Right to the Source
Phrenology was a pseudoscientific discipline invented by German physician Franz Joseph Gall in 1796. Its central claim was that a person’s character and abilities could be discerned by reading the curvature—or bumps—of their skull. Phrenologists believed that the brain was composed of multiple organs, each associated with a different characteristic, such as “acquisitiveness” (a propensity to acquire and steal) or philogenitiveness (the tendency to love one’s offspring). These organs would grow or shrink based on use, resulting in peaks and valleys along the brain’s surface. As the skull molded to accommodate these peaks and valleys, it served as the perfect roadmap for understanding the underlying brain. Dr. Johann Spurzheim, whose name appears with the lithograph, was a key collaborator of Gall and served as his anatomist until 1813.
Show your students Dr. Spurzheim’s diagram (featured here), published in Boston ca. 1834, illustrating “divisions of the organs of phrenology marked externally.” What claims do they think are being made by its author? Where might the diagram have appeared and for what audience? Do students think there is any truth to the author’s claims? How could they go about proving their hypotheses?
Phrenology was popular in the early 19th century. People could go to phrenology parlors to have the shape of their heads examined. Others attempted, wrongly, to use the pseudoscience to “prove” theories of racial superiority.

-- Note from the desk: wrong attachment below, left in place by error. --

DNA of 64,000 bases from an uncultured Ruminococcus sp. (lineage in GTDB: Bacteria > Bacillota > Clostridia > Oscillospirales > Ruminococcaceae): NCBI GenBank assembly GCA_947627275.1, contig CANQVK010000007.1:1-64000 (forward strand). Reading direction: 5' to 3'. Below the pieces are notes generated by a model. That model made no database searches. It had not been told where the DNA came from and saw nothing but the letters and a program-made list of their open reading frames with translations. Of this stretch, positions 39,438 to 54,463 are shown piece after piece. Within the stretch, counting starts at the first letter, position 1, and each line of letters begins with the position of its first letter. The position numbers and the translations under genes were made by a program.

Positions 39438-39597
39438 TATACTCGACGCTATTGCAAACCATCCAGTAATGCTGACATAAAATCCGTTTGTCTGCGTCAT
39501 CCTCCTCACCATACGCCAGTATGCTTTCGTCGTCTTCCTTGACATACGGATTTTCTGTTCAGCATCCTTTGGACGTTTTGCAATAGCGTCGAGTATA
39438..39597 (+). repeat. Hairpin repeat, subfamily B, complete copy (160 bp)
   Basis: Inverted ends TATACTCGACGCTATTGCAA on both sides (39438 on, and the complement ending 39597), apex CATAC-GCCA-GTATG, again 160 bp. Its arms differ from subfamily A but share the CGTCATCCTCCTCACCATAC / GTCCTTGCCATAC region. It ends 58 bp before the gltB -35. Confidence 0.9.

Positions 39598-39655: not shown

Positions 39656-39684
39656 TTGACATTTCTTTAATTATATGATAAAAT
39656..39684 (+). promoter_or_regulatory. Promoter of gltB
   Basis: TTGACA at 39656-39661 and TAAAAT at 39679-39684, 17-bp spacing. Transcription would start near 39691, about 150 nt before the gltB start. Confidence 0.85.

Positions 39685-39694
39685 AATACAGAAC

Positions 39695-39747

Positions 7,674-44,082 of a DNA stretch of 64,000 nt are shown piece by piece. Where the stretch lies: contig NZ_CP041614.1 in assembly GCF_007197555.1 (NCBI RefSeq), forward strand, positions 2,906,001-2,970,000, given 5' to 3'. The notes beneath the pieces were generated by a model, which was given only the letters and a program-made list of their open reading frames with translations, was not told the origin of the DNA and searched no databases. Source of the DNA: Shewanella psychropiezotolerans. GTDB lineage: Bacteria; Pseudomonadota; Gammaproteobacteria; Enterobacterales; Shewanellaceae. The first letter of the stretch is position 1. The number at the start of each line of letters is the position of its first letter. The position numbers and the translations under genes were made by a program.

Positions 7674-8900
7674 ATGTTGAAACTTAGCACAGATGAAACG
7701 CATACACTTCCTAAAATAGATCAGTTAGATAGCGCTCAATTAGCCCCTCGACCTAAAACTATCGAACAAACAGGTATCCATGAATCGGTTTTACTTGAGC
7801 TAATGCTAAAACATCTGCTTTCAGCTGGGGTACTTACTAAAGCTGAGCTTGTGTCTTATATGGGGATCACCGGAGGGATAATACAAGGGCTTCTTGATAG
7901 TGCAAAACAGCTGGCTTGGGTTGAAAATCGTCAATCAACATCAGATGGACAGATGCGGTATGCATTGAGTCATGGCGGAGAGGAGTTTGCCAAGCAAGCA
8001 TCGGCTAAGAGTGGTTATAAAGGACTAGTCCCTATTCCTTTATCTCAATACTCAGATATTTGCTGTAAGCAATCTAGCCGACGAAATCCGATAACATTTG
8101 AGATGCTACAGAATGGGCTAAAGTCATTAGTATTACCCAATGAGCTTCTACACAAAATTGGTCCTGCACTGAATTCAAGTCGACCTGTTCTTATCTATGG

Ultimately, phrenology’s claims could not be supported through rigorous scientific methods. Gall’s ideas were based on limited observations, and scientists were unable to reproduce his findings. Researchers such as Jean Pierre Flourens further noted that animals or people who damaged or lost parts of their brains did not lose functionality as predicted by phrenological models. Some tenets from the model proved to be insightful, such as the notion that the brain is divided into regions which serve different functions, although it is not divided as Gall thought, nor does the brain shape the skull.
As students reflect on the history of phrenology, they may also reflect on claims currently being made regarding the brain and human behavior, and ask: what claims are supported through scientific rigor?
Michael Apfeldorf (firstname.lastname@example.org) is an Educational Resources Specialist at the Library of Congress.